The above is the introduction, taken from the ORS - there are also more specific details contained in that section.
Below is part of ORS describing the initial steps that are required. If you need further information, feel free to give me a call on the number listed below.
3.3(1) A person who wishes to become appointed as an LVV Certifier must in the first
instance apply for a LVV Certifier application pack (from the Agency’s Vehicle
Certifier Register, Private Bag 1117, Palmerston North).
3.3(2) The New Zealand Transport Agency (The Agency) and LVVTA will consider the
geographical coverage provided by the existing LVV Certifier(s) in the applicant’s area,
and upon satisfaction that there is a need for an additional LVV Certifier in the region,
and that there will be no risk to safety nor a reduction in service by the addition of an
LVV Certifier, will allow the application process to commence.
3.3(3) In order to become appointed as an LVV Certifier, an applicant must first present
to the Agency:
(a) a filled‐in Agency LVV Certifier application pack; and
(b) a detailed resume that satisfies the Agency and LVVTA that the applicant
has the appropriate background, expertise, and skills, and holds any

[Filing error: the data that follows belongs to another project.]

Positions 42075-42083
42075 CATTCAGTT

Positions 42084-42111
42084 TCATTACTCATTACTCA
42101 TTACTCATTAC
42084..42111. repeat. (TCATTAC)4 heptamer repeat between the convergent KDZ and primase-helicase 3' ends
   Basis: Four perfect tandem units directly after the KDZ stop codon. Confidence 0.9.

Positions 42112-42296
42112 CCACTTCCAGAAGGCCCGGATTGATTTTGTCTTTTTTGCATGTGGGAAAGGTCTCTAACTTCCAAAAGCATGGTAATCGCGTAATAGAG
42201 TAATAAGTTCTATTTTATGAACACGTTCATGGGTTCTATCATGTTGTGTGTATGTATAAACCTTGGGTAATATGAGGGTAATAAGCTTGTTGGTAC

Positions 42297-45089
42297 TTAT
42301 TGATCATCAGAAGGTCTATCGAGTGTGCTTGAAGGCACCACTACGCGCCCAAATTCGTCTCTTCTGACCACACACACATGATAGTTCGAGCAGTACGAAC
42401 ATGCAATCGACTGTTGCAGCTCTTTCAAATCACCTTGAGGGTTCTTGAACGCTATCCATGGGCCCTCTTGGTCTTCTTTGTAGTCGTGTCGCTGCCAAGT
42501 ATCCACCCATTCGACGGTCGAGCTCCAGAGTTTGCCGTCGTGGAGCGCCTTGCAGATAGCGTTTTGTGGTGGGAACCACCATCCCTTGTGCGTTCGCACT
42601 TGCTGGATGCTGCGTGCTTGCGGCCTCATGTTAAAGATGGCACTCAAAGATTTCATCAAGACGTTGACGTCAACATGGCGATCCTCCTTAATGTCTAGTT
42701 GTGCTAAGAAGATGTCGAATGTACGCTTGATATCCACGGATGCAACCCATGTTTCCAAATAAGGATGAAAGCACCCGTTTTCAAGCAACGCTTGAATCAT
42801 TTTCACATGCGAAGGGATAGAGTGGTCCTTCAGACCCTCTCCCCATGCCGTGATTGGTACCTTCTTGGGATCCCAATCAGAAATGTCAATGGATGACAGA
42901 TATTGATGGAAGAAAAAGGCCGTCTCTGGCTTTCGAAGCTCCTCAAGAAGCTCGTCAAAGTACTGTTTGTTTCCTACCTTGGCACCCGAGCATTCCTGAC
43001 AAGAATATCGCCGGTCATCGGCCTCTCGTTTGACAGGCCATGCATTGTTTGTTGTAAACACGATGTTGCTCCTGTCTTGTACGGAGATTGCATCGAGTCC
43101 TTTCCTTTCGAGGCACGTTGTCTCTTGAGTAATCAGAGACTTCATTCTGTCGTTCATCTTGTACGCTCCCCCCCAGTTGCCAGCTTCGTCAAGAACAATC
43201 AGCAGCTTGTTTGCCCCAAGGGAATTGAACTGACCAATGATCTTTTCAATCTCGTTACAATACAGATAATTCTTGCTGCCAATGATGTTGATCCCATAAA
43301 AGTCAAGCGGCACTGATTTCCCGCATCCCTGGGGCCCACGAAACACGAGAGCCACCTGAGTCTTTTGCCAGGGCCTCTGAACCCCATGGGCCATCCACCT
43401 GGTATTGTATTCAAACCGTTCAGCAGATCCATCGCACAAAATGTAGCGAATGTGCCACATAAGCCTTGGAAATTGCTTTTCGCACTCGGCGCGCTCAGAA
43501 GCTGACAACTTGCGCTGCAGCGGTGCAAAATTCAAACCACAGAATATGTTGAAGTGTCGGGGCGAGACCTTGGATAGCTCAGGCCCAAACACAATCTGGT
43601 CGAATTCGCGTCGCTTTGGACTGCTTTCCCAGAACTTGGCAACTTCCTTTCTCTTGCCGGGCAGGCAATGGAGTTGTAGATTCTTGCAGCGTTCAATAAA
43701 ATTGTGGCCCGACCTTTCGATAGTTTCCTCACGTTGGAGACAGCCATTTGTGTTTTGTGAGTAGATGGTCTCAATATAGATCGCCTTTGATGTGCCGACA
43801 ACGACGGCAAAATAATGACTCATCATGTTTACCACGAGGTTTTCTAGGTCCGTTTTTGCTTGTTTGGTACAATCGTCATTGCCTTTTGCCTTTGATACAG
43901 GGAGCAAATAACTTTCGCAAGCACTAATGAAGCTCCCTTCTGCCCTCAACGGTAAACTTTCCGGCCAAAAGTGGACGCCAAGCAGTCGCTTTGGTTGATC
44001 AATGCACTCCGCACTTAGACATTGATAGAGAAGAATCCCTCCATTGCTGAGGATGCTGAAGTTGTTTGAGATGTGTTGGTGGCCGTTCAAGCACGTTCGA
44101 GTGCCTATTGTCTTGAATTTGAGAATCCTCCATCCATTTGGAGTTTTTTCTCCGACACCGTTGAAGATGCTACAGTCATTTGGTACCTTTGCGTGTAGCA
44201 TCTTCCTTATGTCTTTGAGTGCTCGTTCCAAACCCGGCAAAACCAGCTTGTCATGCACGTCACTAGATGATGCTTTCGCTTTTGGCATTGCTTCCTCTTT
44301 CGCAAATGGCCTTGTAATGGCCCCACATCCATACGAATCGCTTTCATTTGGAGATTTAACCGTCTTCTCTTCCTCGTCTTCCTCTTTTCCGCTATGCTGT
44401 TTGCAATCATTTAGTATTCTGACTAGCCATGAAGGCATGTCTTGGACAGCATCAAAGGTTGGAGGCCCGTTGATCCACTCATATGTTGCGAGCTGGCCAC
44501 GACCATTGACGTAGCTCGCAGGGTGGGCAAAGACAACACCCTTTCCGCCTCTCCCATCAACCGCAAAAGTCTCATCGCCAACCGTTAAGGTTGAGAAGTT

relevant qualifications necessary to become an LVV Certifier as specified in
(c) a list of referees and contact details for the listed referees; and
(d) any relevant fee prescribed by the Agency relative to LVV Certifier appointments.
3.3(4) A person who has satisfied the requirements specified in 3.3(3), must undergo an
assessment process at a time and place specified by the Agency, that will include,
for each LVV Certifier category the applicant is being assessed for:
(a) a series of 20 multi‐choice written questions that relate to vehicle
modification and construction; and
(b) an in‐depth interview on detailed technical matters in relation to vehicle
modification and construction by a selection panel comprising not less
than one representative from the Agency and not less than one
representative from LVVTA; and
(c) an in‐depth evaluation of the applicant’s practical knowledge and skills
during an inspection in a workshop environment, relating to a low volume
vehicle of a type applicable to the LVV Certifier category being applied for,
by a selection panel comprising not less than one representative from the
Agency and not less than one representative from LVVTA.
3.3(5) An applicant that satisfies the Agency and LVVTA during the assessment
process specified in 3.3(4) that there are no shortfalls in experience, knowledge, or skills,
will be approved for LVV Certifier induction training by LVVTA.
3.3(6) An applicant that is approved for LVV Certifier induction training by LVVTA will:
(a) attend the 3‐day LVV Certifier induction training at a time and place
specified by LVVTA; and
(b) meet the costs incurred by LVVTA for the LVV Certifier induction training, which will be based on a fair and reasonable hourly rate.